Below, the clouds have cleared unveiling a forest of bottle green – the mountain ridges highlighted by roads or walking trails and the valleys by rivers. Rivers which only make me think of one thing… kayaking. I remember being in year 11 and sitting with Benny Adamson on my bed watching white water kayaking videos – played on VCR tapes back then. I cannot recall their titles, but I do recall their location… Canada! We sat for hours in envy hoping we would one day venture here and be brave enough to paddle their waves before finding shelter in their eddies. With that thought drifting off to one side I look out my window at our planes navy blue wing and I silently question the person who said “blue and green should never be seen”, because this view beside me… below me and behind me is a sight to behold! A sight to be envied by all, even if ‘contaminated’ by the arms of this mighty freeing machine.
As I sit here and rub my hands together for some warmth, thinking to myself: its really not that cold Brett, I ponder if I will ever get tired of this; of jet setting; of seeing the trucks below shrink to toy size. If driving across Australia was ‘rubber tramping’ and hiking is ‘leather tramping’ then what is this? Whatever it is it is TRAMPING. I am seeing my past’s future thoughts and hopes before me. I am living the life I so desperately want to live professionally. Sitting here writing brings a tear to both eyes. Writing so as to recall; to remember; to tell a story makes me think back to a recent poem I wrote which opened with ‘I want to be a travel writer‘ and I think to myself……… I AM! I think to myself: payment is not always given in dollar bills! The overwhelming feeling of being out there, out here, out somewhere else and being able to stop, write, ponder and appreciate every step over again is payment enough.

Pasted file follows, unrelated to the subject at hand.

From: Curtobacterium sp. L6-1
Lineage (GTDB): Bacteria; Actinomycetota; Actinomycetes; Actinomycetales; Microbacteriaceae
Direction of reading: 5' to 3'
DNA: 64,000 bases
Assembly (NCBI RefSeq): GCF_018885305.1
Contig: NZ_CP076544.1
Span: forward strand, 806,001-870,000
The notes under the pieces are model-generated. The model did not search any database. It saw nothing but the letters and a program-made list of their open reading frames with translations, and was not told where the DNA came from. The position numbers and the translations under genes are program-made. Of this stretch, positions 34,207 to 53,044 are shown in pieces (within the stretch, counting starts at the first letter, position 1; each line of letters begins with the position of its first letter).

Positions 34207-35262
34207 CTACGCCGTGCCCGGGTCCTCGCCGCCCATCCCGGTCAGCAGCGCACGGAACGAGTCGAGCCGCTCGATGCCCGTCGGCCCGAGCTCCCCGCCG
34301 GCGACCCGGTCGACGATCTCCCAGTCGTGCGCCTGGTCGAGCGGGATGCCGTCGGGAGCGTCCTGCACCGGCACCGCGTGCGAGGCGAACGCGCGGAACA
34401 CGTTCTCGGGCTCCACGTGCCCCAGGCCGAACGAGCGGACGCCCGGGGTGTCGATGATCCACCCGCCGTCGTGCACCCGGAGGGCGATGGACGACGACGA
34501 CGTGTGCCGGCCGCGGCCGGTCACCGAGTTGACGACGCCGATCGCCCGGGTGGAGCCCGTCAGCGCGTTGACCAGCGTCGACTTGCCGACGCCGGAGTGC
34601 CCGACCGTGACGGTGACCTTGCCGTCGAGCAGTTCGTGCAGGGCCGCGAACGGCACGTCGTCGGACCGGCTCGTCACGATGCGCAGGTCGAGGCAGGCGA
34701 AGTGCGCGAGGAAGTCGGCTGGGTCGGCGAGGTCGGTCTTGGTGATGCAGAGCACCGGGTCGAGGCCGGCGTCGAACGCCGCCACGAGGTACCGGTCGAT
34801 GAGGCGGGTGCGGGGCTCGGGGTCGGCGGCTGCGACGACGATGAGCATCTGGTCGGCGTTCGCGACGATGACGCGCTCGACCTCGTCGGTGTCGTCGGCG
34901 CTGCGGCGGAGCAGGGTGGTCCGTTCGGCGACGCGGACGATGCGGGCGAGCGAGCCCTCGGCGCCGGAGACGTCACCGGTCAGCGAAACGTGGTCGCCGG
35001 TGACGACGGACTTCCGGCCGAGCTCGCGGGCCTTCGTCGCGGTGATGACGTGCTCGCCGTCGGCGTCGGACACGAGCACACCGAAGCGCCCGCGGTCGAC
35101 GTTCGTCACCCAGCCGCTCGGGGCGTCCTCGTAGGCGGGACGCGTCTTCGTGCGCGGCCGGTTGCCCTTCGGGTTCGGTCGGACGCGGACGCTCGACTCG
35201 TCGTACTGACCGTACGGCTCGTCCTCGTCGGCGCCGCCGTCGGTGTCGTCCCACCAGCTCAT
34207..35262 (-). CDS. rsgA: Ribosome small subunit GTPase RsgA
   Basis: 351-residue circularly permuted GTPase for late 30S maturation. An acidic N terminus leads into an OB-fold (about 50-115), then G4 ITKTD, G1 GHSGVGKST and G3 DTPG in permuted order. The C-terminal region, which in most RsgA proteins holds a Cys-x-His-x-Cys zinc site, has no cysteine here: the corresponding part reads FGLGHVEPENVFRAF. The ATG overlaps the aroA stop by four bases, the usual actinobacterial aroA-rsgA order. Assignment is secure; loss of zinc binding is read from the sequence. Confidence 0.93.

As the seat belt sign dings and lights up I watch the planes flaps drop, slowing our approach into Trail. Trail: a place which contains two of my closest friends, Ben and Candice Sawyer. I picture Ben and his son Banjo waiting for me inside the terminal’s walls as I venture out the window again. Now having a zoomed in view as the plane descends, I begin to see Trail and the surrounding areas in greater detail. My attention is of course drawn to green and brown baseball diamonds below and the mountains which now stand tall above me in the distance. I ready myself for landing by placing my camera back in its bag once again after it wandered out a few times during the one and a quarter hour flight from Vancouver.